The real deal

recently i heard the application of the "pays for itself" theory (where if you figure out the cost per use, let's say of a $50 scarf - if you wear that scarf for 2 months straight, then it cost you less than a penny a day) and it occurred to me that this would only actually work if you were putting that penny aside every day. it would work even better if you did that before buying the scarf. my priorities are longevity of the appeal, and the degree of the appeal. i have to love it, and think i'll love it for a while (i primarily apply these requirements when the price tag is substantial), and, ideally, it will last through all that love.

there are people who feel i spend too much on certain items, pay too high a premium. meanwhile, i'm very aware of how much exceptionally average things cost these days. sometimes it's a case of the brand being greedy - if they have a strong following, then they can throw a plastic headband into the collection and charge $200. sometimes it's a case of a brand being hopeful - if people will pay $600 for a famous designer's shoes, maybe they'll pay $200 for our junky ones.

for the most part, i have to admit that i'm more suspicious of cheap items than expensive ones...and i think this handicaps my ability to enjoy something that is more... reasonably priced. (ultimately, regardless of the cost, i always subscribe to the adage, buyer beware. )

which, in your opinion, is more of a good "deal": a high price on high quality, or a low price on average quality?


Candid Cool said...

Really it just comes down to having a discerning eye. Just because the label says Dolce & Gabbanna and has a 5 figure price tag it is some cases is made in the same factory as something that is Kenneth Cole and may be @ at a substantially less price point.

Sometimes I find pieces at F21 that really have stood the test of time, & then of course there are pieces from F21 that don't last longer than 1 wear.

But at times it's better to save up and pay more for a better quality item, because the cheaply made stuff has to get replaced more often because it doesn't last as long.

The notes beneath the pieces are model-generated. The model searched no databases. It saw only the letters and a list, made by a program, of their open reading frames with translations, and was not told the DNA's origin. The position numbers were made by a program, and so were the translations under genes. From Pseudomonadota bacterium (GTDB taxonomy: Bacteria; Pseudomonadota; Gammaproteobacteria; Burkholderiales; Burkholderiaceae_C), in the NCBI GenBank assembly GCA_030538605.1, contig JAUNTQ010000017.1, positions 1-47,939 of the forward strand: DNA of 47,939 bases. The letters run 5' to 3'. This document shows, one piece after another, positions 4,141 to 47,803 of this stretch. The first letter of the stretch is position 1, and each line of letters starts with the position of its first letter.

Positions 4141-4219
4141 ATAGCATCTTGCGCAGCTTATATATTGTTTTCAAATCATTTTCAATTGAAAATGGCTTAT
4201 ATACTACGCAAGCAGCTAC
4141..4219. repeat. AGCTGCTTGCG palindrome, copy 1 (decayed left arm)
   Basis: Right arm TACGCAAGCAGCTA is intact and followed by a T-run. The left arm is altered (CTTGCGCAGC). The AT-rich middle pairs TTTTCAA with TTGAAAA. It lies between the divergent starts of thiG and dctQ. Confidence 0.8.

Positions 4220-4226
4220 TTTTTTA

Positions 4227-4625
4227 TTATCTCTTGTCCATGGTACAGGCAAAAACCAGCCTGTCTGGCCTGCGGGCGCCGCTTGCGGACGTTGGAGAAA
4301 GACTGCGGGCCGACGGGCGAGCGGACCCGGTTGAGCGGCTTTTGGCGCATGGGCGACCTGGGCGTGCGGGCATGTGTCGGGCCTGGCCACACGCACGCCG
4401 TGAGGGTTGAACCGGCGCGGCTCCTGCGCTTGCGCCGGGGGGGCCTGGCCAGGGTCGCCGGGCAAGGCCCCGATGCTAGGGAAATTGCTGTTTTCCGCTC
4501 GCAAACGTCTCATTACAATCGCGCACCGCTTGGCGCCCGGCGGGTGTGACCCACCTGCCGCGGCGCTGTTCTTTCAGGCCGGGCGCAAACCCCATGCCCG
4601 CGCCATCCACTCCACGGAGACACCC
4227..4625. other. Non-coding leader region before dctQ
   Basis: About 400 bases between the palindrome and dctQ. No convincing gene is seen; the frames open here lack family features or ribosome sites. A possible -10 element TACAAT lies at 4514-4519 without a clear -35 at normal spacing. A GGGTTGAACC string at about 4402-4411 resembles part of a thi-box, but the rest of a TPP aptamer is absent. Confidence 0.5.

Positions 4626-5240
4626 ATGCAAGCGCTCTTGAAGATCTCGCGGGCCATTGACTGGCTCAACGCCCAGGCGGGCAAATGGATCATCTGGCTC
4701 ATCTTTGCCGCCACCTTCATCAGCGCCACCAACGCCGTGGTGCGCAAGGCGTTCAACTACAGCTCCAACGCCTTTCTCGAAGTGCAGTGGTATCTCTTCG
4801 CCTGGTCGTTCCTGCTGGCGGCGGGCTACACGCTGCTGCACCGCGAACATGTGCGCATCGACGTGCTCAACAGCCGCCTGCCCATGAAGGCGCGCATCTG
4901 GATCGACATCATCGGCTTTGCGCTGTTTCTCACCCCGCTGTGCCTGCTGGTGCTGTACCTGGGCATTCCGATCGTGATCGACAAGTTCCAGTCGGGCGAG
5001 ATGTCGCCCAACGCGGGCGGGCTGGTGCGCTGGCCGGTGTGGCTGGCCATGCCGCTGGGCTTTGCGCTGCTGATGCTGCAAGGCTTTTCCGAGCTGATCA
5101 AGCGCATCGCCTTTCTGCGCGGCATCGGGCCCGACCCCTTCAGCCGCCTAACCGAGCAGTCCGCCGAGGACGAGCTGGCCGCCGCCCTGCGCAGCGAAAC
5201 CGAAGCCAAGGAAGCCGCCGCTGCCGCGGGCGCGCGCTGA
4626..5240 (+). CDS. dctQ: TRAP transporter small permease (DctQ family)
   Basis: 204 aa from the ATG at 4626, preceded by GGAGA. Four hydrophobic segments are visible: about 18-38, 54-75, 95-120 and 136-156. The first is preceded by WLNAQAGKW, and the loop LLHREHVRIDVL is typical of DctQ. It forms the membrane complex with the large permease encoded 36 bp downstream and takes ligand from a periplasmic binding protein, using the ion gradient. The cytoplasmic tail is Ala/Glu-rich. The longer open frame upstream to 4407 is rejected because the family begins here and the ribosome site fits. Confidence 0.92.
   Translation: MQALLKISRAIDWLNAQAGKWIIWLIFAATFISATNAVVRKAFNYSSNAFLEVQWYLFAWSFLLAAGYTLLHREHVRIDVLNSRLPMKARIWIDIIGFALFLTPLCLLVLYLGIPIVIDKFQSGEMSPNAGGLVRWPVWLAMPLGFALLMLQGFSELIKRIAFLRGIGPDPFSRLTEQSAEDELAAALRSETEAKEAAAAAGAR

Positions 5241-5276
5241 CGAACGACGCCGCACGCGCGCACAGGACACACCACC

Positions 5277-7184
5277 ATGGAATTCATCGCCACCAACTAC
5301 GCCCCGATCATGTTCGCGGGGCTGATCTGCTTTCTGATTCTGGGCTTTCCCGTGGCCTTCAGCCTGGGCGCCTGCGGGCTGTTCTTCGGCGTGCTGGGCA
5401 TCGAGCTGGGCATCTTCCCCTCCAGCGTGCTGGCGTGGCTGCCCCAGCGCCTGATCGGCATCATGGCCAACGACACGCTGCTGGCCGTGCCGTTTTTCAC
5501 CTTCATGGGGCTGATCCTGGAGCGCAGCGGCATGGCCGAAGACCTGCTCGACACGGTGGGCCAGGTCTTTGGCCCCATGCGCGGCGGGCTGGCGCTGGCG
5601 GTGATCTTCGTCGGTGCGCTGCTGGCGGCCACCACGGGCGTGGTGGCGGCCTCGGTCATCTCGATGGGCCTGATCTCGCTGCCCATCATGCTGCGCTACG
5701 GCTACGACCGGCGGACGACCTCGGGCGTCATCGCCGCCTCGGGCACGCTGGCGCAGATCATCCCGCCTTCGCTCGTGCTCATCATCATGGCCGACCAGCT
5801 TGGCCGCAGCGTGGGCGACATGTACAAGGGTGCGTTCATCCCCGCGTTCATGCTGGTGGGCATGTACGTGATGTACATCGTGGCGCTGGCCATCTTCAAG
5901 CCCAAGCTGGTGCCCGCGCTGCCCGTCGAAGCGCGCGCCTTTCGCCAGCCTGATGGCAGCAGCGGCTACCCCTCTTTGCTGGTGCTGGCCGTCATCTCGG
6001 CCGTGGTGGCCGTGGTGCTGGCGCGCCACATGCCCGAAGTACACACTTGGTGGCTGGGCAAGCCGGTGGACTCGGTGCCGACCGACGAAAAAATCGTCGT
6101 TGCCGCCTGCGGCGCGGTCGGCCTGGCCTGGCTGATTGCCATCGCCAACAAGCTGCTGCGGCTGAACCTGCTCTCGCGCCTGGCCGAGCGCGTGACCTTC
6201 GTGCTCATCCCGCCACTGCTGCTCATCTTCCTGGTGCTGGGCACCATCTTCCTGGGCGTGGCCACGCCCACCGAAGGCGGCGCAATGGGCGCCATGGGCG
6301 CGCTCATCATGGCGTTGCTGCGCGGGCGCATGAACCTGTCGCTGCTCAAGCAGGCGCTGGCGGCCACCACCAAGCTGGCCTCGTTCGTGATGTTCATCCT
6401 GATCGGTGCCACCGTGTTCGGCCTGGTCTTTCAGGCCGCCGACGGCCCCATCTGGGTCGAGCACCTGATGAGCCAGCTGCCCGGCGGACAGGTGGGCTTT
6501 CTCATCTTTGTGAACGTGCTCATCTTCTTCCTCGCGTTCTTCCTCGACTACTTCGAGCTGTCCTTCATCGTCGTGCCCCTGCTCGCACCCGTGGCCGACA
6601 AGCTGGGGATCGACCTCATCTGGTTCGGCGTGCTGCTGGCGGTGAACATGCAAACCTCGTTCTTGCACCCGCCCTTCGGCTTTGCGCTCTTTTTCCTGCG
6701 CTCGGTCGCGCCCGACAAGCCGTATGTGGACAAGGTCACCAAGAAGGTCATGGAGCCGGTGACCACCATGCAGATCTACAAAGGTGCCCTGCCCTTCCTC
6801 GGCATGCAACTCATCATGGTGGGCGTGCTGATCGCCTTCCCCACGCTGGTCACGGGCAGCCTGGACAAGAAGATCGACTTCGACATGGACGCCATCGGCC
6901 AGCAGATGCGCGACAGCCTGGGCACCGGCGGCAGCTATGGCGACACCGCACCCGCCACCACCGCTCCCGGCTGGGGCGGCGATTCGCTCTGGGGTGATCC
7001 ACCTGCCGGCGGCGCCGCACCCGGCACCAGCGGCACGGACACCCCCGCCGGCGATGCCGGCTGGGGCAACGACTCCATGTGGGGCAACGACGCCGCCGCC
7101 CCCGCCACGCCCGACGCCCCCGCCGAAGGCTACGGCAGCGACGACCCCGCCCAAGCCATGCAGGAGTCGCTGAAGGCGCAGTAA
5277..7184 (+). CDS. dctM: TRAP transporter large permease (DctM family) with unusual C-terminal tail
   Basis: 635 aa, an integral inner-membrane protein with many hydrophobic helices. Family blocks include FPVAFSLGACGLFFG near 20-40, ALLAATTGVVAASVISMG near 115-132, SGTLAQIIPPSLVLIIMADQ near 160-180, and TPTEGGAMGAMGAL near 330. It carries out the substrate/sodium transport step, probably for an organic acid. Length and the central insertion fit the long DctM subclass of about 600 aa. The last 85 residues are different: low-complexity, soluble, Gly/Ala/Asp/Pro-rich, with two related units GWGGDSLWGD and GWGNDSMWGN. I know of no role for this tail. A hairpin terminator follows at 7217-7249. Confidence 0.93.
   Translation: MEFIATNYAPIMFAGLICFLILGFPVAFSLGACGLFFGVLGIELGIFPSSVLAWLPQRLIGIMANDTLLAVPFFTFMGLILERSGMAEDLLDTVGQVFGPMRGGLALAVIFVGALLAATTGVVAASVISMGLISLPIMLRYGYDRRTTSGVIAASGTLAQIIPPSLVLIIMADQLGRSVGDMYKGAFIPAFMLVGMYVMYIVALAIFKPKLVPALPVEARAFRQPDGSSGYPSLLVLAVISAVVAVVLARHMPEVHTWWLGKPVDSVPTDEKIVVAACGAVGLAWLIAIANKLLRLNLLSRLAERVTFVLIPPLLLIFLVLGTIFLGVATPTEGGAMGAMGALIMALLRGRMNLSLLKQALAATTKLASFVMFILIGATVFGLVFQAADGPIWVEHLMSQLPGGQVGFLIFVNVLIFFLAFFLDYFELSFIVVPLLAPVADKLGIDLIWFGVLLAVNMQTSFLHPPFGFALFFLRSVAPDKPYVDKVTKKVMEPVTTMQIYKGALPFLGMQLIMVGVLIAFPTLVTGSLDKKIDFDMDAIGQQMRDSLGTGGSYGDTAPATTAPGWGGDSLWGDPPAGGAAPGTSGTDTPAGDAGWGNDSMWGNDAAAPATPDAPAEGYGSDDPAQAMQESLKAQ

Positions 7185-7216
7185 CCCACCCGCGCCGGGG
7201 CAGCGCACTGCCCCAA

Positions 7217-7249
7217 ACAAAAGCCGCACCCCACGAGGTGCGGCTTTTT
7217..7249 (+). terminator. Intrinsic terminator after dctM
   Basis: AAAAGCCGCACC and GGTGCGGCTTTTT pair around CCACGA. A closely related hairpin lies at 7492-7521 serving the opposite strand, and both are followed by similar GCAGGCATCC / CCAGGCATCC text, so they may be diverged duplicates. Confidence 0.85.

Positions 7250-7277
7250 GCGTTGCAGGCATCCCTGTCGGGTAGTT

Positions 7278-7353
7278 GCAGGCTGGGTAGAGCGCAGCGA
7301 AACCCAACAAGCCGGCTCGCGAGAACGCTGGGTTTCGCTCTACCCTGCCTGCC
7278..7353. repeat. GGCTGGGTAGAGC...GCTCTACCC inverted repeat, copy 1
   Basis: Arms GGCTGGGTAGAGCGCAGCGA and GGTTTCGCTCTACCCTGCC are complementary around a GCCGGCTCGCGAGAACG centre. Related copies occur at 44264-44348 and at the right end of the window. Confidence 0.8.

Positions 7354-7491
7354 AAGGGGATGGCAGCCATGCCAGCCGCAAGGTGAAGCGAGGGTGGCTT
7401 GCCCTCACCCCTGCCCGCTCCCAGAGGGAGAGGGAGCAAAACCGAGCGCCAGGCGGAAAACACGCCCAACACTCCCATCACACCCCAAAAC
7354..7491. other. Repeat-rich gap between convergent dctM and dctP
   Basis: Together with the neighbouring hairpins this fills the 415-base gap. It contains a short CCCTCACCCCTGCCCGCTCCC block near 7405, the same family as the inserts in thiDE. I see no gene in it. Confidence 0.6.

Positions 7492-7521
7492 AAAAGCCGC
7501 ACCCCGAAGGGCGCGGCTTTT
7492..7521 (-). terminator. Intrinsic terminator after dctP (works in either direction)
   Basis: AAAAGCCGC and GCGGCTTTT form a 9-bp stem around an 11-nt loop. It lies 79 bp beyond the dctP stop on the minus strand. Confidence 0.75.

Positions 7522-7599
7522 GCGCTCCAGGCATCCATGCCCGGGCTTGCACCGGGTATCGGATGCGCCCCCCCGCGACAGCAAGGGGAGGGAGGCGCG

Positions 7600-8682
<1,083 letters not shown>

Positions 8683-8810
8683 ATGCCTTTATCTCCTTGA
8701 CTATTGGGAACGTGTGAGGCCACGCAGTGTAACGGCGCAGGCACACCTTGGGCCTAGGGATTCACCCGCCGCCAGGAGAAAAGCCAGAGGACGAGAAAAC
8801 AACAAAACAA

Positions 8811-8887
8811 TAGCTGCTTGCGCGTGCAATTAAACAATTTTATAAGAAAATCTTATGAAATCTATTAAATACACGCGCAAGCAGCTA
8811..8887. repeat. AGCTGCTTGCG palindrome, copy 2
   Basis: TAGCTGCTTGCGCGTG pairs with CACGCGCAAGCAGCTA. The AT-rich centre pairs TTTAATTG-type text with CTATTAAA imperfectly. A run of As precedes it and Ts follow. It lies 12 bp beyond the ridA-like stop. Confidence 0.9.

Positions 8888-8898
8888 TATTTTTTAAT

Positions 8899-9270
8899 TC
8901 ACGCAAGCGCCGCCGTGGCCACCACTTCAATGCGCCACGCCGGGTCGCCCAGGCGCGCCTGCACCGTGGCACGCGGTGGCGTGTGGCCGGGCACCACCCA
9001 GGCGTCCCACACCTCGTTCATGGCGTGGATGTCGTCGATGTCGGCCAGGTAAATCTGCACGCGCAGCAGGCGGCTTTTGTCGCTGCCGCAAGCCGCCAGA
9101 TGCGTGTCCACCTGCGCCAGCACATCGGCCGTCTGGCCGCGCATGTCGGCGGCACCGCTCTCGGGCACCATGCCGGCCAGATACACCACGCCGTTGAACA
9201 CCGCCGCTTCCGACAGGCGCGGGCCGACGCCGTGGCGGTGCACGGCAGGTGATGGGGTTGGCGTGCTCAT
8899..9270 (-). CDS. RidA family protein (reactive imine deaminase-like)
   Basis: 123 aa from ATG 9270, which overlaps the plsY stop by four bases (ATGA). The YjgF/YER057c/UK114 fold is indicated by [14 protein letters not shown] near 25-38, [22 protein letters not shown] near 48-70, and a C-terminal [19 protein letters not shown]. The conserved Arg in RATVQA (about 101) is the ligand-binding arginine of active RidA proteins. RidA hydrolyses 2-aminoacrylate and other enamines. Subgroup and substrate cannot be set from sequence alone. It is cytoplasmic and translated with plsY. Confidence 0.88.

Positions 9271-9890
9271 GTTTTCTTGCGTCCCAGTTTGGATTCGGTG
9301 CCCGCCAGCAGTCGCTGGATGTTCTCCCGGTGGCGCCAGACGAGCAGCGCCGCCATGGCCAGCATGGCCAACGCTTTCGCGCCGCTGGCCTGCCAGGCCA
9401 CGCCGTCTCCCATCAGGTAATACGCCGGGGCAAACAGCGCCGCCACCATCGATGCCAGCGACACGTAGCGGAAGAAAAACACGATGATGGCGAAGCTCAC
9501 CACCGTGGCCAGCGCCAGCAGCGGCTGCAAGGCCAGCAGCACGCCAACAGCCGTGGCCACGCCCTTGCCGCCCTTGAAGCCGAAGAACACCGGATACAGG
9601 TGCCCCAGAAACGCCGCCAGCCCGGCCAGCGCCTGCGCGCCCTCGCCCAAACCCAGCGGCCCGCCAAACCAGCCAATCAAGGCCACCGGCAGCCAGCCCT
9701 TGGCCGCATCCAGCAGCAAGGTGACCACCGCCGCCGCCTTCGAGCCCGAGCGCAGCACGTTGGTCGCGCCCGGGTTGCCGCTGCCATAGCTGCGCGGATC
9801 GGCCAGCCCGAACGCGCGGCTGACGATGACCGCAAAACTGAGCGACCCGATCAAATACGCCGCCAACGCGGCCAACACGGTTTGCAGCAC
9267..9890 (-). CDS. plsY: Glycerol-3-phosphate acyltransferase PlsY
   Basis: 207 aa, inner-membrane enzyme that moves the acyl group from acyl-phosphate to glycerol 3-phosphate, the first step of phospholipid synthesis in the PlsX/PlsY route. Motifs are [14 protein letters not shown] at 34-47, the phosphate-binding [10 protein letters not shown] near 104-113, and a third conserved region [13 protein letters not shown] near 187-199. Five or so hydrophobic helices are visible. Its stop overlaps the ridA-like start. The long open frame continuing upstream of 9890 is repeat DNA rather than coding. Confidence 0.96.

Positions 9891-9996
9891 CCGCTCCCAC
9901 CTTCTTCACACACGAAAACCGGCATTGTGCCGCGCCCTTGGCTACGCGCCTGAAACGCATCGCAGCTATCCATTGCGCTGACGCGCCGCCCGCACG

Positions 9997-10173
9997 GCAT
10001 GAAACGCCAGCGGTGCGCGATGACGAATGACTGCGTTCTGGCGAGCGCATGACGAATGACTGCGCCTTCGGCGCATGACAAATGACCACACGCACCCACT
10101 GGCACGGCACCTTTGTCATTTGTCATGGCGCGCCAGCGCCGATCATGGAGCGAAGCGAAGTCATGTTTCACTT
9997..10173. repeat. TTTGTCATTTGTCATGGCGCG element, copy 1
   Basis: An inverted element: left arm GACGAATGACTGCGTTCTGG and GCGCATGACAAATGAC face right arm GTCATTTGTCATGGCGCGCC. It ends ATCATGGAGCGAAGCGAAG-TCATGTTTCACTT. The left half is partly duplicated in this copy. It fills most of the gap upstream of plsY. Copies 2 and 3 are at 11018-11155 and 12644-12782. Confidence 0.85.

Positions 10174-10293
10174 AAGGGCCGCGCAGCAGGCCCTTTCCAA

Anonymous said...

High price, high quality - no question! I was just thinking about this the other day...I've got this old MaxMara dress bought in 1998 that I still wear every summer. Such things make me confident that I do like my items to last.

Like you, I have a really different perspective on what "costs a lot" is from most of my peers. I am more shocked by how much stores such as BCBG and Banana now ask for really crappily made stuff. Like, pay $200 for something that'll fall apart in a season or $500 for an amazing item that you'll love forever?

Not that you can't find well-made items at BCBG et al. Candid Cool is so right, it takes that discerning eye. But, despite loving fashion, I'm actually not much of a shopper, so I go with the tried and true, my lovely Dries especially.

I know what you mean about the plastic headbands too. I'm curious Editor...and friends..what do you think about Marni Necklaces? I don't usually go in for accessories; but lately I've been so attracted to Marni's pieces - they're so much more about fabric and design. But...then we get into the ole' throwing stuff out there with a name on it and charging crazy prices for it. When is something worth it?

martha said...

i think i regard items differently depending on their lineage. if they come at a price, and from a desirable brand, i honestly value them more (i'm not proud of this...but i notice that it's true) and so therefore they last longer and in the long run are worth the investment, but this is based on my values more than the integrity of the piece...

genx theorist, i think a marni necklace is so unique that it has become somewhat iconic of that brand's whole aesthetic. it represents more than just a necklace, has become larger than an accessory, so it has a lot of staying power. like a pucci print, it will be referenced as a turning point, as a leader in it's area, etc. a good choice. plus they are genuinely interesting and pretty (imo), like sculpture.

Iheartfashion said...

It's a cliche by now, but I think buying the best you can afford is really good advice, whether it's from Filene's Basement or vintage if one's on a budget (and who isn't?) along with the occasional designer splurge.
I have mixed feelings about it, but I value the stuff I paid more for or that has a designer name.

Candid Cool said...

this reminds of that show What Not to Wear when they are going through the person's rack full of mismatched ill fitting old clothes and say "for all this crap, you could have bought 1 nice suit"

editor said...

candid cool - that is the precise conclusion i came to when i did my initial weeding earlier this year.

iheartfashion - ditto

Anonymous said...

I don't know based on how much I initially like an item, regardless of name or cost, how long I will wear it. There are things I loved when I bought them but never wore much and there are clothes like a black, raw silk pencil skirt I still wear after 20 years. In retrospect basics like that skirt are what I try to buy now. Makes easier to put together clothes for every day.